I was glad to hear that only four of the 82 cow elk handled yesterday tested positive for the disease.

  3. In weird way we've come a long way. In the early part of the naughts, there were buffalo huggers who insisted there WAS no such thing as brucellosis, that it was just a government myth to excuse the murder of innocent buffs. Even when people who had been laid low with the stuff testified to what it felt like, these crusaders simply wouldn't listen. When they were three they threw a fit everytime they didn't like something and they thought it might work again, I guess. It didn't. Reality outwaits everything else.

    Prairie Mary

  4. Back again – I can see why the "sympthetic" behavior of the cows poses a larger threat to transmission of the disease, but, if you have time, would you touch on some of the reasons the bulls are not considered to be "high risk?"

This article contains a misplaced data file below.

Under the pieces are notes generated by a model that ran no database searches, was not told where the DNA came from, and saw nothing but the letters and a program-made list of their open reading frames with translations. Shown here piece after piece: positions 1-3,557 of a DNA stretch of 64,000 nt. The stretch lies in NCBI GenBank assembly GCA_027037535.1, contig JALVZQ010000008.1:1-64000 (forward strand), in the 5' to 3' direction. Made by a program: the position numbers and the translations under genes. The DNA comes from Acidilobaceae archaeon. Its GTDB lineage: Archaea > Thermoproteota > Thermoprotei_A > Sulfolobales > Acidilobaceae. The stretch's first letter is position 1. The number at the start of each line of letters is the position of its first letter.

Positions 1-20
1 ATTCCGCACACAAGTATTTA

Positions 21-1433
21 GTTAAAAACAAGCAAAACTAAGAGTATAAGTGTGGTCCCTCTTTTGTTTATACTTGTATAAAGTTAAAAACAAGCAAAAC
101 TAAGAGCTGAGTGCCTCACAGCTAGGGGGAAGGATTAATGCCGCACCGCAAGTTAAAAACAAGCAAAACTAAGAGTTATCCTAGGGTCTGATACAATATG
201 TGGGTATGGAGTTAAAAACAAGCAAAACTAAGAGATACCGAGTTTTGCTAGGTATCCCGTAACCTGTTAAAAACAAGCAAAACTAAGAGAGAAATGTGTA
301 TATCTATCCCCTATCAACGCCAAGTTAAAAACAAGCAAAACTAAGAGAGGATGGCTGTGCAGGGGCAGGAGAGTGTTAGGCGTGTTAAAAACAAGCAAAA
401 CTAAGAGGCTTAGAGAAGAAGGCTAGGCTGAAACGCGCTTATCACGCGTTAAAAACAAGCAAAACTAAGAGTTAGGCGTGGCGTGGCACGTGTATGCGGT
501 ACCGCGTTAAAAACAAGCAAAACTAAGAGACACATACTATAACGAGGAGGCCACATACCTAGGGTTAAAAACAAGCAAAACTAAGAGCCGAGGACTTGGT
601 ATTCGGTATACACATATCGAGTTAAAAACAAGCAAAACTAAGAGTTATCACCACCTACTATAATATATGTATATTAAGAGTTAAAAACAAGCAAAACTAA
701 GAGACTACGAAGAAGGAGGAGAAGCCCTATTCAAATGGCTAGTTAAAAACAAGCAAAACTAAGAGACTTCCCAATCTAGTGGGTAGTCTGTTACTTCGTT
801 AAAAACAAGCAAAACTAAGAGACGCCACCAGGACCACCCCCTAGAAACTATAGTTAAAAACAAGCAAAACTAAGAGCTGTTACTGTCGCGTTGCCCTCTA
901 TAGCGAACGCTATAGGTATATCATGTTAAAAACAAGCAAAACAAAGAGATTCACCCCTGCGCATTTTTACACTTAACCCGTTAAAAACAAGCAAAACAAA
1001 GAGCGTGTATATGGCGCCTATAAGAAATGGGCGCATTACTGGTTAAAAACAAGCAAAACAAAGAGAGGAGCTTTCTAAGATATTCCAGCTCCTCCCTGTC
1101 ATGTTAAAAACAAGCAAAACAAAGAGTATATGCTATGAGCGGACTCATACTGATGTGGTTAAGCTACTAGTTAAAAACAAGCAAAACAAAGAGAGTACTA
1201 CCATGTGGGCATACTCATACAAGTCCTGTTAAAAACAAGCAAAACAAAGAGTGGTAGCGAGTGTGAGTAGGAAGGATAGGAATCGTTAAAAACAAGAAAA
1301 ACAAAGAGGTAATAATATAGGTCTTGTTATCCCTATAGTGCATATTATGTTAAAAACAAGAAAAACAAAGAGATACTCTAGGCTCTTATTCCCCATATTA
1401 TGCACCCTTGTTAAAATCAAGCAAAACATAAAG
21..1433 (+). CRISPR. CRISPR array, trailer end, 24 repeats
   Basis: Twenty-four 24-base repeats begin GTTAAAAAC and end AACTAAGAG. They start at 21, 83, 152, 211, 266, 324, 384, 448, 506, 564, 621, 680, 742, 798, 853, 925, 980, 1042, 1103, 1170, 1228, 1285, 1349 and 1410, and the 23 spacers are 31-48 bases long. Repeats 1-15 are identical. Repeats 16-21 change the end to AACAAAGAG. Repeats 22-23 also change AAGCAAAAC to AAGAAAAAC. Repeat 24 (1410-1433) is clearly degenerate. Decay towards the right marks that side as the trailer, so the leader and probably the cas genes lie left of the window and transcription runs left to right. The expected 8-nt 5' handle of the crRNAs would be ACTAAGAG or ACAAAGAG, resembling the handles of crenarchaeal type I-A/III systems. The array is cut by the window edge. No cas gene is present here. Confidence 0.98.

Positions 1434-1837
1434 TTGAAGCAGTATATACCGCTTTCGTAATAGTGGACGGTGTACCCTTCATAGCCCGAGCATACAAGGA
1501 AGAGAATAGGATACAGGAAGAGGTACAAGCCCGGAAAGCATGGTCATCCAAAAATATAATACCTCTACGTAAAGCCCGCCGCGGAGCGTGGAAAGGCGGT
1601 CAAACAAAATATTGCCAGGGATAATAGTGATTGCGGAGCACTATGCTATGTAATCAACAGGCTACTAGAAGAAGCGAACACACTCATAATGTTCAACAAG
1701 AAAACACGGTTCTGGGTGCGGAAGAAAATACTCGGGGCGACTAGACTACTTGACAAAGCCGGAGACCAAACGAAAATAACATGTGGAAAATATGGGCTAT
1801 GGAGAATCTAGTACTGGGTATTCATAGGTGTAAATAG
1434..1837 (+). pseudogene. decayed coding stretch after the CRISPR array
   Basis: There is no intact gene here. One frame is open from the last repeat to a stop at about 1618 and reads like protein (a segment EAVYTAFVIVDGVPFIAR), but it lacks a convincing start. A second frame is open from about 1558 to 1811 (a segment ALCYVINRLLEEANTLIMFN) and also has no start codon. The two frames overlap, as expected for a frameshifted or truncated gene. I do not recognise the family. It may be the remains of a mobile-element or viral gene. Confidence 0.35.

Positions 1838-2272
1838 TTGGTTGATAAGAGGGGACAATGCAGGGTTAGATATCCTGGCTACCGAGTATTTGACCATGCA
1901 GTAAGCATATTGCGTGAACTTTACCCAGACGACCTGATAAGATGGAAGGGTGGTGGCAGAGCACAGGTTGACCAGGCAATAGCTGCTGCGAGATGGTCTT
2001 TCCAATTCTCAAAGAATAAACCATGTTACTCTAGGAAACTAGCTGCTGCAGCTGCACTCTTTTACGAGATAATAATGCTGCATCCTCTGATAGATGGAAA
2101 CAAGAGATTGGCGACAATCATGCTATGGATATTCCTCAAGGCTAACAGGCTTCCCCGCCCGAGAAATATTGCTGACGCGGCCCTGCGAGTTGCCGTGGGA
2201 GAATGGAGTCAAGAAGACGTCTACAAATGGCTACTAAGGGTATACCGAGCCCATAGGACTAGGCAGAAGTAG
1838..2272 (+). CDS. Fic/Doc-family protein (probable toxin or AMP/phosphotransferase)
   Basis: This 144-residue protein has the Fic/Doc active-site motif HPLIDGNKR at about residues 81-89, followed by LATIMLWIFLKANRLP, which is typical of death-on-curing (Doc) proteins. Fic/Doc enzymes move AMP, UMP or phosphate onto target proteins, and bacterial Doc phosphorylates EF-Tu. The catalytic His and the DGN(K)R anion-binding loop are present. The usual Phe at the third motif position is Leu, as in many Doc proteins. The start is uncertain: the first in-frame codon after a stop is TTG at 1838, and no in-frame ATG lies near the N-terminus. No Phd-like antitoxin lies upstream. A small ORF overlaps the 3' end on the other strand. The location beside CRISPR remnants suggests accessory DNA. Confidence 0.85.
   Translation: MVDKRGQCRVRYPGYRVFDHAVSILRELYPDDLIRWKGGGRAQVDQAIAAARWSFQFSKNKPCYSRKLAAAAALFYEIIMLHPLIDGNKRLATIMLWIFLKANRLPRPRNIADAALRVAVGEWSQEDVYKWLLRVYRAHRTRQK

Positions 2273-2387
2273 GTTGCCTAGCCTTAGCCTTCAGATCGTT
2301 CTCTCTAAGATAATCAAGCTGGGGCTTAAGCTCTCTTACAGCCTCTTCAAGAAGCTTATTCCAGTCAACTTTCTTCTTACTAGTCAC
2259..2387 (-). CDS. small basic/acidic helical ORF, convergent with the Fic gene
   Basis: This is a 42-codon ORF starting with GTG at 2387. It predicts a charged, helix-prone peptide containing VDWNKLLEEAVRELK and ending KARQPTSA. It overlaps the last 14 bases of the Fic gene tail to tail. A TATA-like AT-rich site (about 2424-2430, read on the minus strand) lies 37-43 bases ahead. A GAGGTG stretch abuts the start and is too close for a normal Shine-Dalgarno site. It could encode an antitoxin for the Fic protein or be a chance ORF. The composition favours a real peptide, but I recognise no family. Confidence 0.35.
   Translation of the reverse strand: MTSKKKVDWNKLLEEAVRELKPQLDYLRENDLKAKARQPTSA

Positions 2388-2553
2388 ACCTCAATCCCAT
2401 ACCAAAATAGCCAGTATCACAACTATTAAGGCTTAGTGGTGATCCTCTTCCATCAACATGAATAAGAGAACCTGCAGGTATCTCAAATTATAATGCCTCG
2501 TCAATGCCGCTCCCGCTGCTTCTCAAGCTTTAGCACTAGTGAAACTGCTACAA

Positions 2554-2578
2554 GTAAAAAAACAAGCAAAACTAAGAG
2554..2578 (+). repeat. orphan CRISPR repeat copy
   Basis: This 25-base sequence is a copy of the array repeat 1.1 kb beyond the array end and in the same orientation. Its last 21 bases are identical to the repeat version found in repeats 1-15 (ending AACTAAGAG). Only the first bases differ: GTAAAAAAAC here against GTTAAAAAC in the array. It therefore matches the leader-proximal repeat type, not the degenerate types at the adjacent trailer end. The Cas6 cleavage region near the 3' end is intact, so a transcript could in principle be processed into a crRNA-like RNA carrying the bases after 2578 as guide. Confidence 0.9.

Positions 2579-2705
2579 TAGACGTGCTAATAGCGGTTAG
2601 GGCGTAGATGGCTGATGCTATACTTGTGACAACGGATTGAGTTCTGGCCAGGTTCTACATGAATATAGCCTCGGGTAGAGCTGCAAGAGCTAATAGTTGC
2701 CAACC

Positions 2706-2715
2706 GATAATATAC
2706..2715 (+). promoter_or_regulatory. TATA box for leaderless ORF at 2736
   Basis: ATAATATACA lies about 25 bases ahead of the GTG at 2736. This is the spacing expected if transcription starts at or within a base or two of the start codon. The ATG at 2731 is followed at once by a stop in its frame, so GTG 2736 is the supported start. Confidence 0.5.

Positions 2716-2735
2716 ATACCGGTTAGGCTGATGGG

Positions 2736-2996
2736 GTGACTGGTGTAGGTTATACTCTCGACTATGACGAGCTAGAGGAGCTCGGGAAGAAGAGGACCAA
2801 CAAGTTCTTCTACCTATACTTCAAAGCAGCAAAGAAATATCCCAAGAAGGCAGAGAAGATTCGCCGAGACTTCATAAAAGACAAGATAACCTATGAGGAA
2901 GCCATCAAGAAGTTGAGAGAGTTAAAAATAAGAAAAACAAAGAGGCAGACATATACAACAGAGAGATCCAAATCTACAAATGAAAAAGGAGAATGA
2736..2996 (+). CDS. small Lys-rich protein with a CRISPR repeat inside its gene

My information says that brucellosis is transmitted through urine as well as physical contact and for that reason we isolate and test all dogs coming onto our property. The threat is probably also a good reason for the increase in the use of "AI" in dogs, but I'm not sure anyone would ever admit that.

  5. Thinking of cow elk and herd behavior brings to mind one of my favorite memories. While driving toward the western entrance to the Rocky Mountain National Park, we were brought to a halt by a large number of cows with their calves ambling along the road, and then crossing the drive when traffic stopped. As the cows approached the crossing spots they would accelerate to a long ground-covering trot and the calves, of course, would run to keep pace with their mothers. The babies would stretch their heads up to the limit of neck length and rest their heads and necks on their mother's shoulders. As I watched this behavior, several babies lost their grip on mom's whithers, and the cows would stop immediately and wait for the babies to catch up and establish contact before leaving – what amazing protective instincts Mother Nature provides.